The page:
PEST is a mnemonic for factors that drive and shape market trends and consumer behaviour. The analysis is a simple framework for considering a range of external factors that may be relevant to an organisation as it considers its strategy.
PEST is often rearranged or extended to cover other categories, and you may see versions such as PESTLE, STEEPLE, STEER, SPELIT and more.
In reality you can simply choose which categories are most relevant to your organisation or project, and focus on those. If some categories are irrelevant, don’t include them.
It can be really useful to understand and map out the wider context of the sector in which you operate, because these trends and changes will affect and influence your strategy. This is when PEST is most helpful.
You can use PEST towards the start of a strategic planning review, or to add data to the external sections of a SWOT Analysis.
Like SWOT, PEST doesn’t provide any concrete answers on its own - it is most useful as a brainstorming tool to be used within a strategic planning process to heighten your awareness of external factors affecting your organisation.
And the various other categories include:
Let's imagine how a real-life organisation might look on a PEST Analysis: Irish airline Ryanair, one of the biggest low-cost airlines in Europe.
We have added Legal and Economic categories to make a PESTLE Analysis.
If you’re running a PEST Analysis within a workshop, draw up the relevant sections on a grid on a flipchart or whiteboard. You can then either invite participants to each begin populating the grid with sticky notes, or act as facilitator and write up notes on their behalf as they call them out.
It’s usually better to not be too picky about what goes on the board to start off with - for efficiency it can be quicker to allow everything to be posted verbatim, and then go through a process of refinement and validation afterwards.
Encourage participants to keep going even after they have posted several points each, make sure there is nothing they have missed or held back from mentioning.
The more complete and honest the appraisal, the more useful it will be.
When the board is populated, you can then run a process of refinement:
Consider looking at the sections in a different order - for example you might find that participants spend lots of time looking at political and environmental factors, and then lose energy as they begin to look at other categories. Make sure you are spending equal effort and time on each section.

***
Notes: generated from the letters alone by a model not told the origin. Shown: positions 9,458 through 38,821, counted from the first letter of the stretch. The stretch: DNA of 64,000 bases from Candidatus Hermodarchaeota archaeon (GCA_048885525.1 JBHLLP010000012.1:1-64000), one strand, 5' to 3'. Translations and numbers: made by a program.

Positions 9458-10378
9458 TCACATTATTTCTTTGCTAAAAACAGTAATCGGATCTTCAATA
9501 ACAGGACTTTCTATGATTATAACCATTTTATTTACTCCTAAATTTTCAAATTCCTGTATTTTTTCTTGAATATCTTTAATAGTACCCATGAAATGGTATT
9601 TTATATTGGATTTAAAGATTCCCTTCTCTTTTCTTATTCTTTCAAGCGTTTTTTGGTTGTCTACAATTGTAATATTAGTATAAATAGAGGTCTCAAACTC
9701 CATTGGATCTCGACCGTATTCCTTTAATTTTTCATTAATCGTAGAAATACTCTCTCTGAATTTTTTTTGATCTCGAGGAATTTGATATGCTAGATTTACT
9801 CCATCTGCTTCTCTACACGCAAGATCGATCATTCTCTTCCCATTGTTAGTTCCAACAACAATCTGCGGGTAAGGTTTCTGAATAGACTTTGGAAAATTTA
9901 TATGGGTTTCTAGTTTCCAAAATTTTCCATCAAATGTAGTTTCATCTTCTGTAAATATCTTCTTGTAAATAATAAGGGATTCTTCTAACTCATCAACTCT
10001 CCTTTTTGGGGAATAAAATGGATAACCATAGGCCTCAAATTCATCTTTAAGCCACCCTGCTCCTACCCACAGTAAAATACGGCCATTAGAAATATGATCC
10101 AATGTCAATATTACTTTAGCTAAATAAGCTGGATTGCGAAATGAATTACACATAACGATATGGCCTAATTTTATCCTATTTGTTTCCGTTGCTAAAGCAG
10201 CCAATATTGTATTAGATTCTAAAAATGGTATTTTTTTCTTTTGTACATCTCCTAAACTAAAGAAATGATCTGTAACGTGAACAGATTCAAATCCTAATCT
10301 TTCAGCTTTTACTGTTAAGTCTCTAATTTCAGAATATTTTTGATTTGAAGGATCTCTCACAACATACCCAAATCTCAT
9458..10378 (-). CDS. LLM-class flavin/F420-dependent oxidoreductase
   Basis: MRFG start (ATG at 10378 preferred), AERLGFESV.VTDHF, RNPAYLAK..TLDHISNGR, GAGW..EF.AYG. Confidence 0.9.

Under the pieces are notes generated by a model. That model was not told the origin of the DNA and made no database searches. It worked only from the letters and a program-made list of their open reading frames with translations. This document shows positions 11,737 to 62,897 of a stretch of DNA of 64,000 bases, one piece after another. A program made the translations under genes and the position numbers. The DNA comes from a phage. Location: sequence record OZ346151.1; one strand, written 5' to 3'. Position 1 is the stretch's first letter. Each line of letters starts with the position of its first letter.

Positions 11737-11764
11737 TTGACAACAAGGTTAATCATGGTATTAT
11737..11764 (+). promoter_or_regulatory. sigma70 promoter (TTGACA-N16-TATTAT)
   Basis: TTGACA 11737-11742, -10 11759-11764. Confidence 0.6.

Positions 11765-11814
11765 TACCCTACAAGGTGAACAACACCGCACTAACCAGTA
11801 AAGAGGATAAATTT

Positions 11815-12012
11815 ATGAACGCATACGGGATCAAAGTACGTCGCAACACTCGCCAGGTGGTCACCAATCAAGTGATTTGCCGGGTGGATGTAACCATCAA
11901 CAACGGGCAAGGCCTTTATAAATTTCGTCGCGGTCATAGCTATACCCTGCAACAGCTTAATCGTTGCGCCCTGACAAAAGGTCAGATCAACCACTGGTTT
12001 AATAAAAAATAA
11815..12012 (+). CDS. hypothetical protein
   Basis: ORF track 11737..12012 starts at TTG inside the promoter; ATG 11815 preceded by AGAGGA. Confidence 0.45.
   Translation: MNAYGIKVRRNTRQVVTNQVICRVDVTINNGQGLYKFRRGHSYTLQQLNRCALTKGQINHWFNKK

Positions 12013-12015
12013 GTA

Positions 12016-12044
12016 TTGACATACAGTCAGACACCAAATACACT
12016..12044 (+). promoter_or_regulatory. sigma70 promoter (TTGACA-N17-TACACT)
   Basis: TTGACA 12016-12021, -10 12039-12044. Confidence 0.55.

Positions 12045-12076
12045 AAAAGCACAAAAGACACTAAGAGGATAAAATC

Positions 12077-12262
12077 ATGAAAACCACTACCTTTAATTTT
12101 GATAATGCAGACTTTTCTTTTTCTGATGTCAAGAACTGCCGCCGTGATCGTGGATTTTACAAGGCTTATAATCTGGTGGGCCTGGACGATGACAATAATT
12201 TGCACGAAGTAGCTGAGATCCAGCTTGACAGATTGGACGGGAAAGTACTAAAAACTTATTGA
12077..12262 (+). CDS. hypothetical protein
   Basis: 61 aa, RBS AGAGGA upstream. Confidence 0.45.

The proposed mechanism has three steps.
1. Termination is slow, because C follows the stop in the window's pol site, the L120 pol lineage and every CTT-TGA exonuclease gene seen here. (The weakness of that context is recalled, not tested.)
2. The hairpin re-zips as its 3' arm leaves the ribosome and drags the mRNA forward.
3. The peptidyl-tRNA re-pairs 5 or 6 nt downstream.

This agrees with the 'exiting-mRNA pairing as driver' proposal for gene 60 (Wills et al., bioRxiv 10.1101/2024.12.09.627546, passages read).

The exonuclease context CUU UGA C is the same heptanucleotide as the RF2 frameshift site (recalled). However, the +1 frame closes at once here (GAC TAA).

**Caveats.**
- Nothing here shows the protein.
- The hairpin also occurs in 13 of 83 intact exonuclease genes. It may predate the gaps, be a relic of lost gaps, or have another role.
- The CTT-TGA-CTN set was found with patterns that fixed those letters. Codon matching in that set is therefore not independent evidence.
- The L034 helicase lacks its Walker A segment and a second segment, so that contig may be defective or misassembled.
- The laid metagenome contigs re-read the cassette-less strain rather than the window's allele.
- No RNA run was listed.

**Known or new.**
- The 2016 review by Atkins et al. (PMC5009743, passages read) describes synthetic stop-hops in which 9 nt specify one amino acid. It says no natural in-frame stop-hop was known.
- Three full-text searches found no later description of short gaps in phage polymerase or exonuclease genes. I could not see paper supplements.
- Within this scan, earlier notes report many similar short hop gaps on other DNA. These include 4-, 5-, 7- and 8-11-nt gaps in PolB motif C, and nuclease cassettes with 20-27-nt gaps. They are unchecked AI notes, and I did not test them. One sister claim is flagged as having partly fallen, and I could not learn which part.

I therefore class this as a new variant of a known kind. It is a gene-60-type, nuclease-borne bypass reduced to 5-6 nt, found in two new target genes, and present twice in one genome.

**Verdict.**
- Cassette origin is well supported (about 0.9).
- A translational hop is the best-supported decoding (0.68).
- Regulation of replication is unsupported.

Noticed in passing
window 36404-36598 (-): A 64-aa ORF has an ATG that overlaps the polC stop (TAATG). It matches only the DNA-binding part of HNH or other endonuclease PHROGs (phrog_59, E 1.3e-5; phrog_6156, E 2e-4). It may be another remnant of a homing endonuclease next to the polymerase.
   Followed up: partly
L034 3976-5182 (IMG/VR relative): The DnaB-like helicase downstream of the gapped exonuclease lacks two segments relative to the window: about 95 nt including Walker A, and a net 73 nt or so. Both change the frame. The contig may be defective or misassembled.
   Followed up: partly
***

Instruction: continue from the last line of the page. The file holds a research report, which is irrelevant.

Avoid restricting your analysis to senior management and directors only - this could limit your opportunity to gain a realistic overall picture. Invite a variety of people from all levels and departments of your organisation to participate and contribute.
Remove any elements that aren't relevant to your organisation. Also, remove any that are low priority or low impact. It's important to avoid analysis paralysis by only focusing on information that is useful and relevant.
The PEST Analysis is only a surface-level analysis, designed for use in the preliminary stages of decision-making. To gain a true picture of each area, and to inform thorough strategic decision making, it may be necessary to look much more closely at some of the individual elements identified in the exercise.
You may find there are takeaways from the PEST Analysis that require immediate action - for example taking steps to mitigate your organisation’s exposure to certain areas. Usually however the process is used to inform subsequent strategic planning activities.
When analysing and using the results, consider the following:
You could use your PEST results to inform a Scenario Planning exercise, where you look at how various elements might play out in the future.
PEST is a simple framework for considering a range of external factors that may be relevant to an organisation as it considers its strategy.
Five Forces analysis is useful for analysing industry profitability, and for looking beyond direct competitors to identify an organisation's risk areas.
Deciding your immediate, medium and long-term strategy depends many elements: your business capabilities, the markets you operate in, customer needs, your competitive advantage - and more. We'll help you see all the relevant factors clearly and design a strategy that works.